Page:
Wed, Aug 03, 2005 - Page 1 News List

Japan's lower house lifts visa rules for Taiwan

WELCOME WAIVER The lower house of Japan's parliament yesterday said it will drop requirements for visas for Taiwanese tourists, possibly forever


The lower house of the Japanese parliament agreed yesterday to waive the visa requirement for Taiwanese tourists.

Japan had already suspended the visa requirement for Taiwanese tourists between March 25 and Sept. 25 to encourage them to attend the World Exposition, an international showcase of technology and innovation in Aichi Prefecture.

The House of Representatives passed the bill unanimously at a plenary session yesterday afternoon. The bill will now be referred to the upper house of the Diet for approval. If it clears the upper house, Taiwanese tourists will permanently be allowed to enter Japan without a visa.

President Chen Shui-bian (陳水扁) thanked Japan for planning to grant permanent visa-free treatment to Taiwanese tourists.


Chen praised the move as a step toward closer relations with Japan, which has no formal diplomatic ties with Taipei.

"If the Japanese government can realize its plan to waive visas for Taiwanese tourists on a regular basis, it would not only symbolize the good friendship between the two countries but also show [that Japan] values the 23 million Taiwanese people," Chen said while receiving Japanese lawmaker Seshiro Eto at the Presidential Office.

The Ministry of Foreign Affairs (MOFA) also welcomed the move and an official said, "We appreciate the Japanese lower house's friendly move. Hopefully, the bill can clear the upper house as soon as possible to allow for its early enactment to further boost bilateral exchanges."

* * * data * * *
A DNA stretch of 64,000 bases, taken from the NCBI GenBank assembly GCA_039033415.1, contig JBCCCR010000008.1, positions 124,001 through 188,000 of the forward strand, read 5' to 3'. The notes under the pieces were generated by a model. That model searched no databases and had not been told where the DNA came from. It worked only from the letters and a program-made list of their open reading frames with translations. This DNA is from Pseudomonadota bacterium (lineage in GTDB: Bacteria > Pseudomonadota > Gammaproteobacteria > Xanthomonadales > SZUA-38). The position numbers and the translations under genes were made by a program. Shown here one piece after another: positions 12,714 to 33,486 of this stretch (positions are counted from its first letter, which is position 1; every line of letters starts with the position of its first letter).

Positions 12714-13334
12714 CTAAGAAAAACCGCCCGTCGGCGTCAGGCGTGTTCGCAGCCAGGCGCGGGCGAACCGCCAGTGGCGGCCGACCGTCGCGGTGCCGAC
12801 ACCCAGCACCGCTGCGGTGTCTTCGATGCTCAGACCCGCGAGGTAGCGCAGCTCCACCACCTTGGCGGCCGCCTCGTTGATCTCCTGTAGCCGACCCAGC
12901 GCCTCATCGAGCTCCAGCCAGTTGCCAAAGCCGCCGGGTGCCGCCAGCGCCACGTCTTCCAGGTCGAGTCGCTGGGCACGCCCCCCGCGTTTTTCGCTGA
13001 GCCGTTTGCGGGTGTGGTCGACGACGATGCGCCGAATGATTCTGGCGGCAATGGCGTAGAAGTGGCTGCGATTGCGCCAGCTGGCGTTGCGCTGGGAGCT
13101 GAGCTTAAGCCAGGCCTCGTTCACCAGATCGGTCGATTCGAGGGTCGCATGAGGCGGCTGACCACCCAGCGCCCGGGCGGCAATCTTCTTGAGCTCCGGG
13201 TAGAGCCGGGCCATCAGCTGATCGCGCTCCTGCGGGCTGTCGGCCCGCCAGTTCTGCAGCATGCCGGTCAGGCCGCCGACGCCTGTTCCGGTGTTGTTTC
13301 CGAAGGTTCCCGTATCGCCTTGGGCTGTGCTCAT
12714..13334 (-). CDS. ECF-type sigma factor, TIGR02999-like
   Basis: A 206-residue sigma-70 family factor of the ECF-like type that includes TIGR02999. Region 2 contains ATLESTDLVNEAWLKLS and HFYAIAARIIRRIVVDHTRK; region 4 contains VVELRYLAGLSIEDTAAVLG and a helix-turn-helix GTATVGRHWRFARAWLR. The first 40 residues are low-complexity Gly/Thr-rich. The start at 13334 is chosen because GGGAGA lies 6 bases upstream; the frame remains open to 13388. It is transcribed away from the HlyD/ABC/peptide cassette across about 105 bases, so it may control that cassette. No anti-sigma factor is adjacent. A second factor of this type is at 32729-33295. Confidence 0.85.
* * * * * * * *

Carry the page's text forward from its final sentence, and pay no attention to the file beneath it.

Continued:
The granting of permanent visa-free status for Taiwan passport holders will mark a significant breakthrough in substantive Taiwan-Japan relations, the MOFA official said.

The bill was initiated by the head of the lower house's legal affairs committee and passed with the support of the Liberal Democratic Party and its ruling coalition partner, Komeito, and the opposition Democratic Party of Japan.


As Japan does not maintain formal diplomatic relations with Taiwan, the bill is necessary if Japan wants to offer a permanent visa waiver for Taiwanese citizens. Japan's existing exit and entry regulations only authorize visa waivers for citizens from countries that maintain diplomatic ties with Japan.

Taiwan has been Japan's second-largest tourist source after South Korea. Japanese parliamentarians said they hope that the permanent visa waiver will attract even more Taiwanese tourists to Japan after the Aichi World Expo and further boost bilateral cultural and commercial exchanges.

Furthermore, the Japanese government has launched a "Visit Japan" campaign aimed at drawing 10 million foreign tourists in 2010 compared with 5.73 million in 2003.

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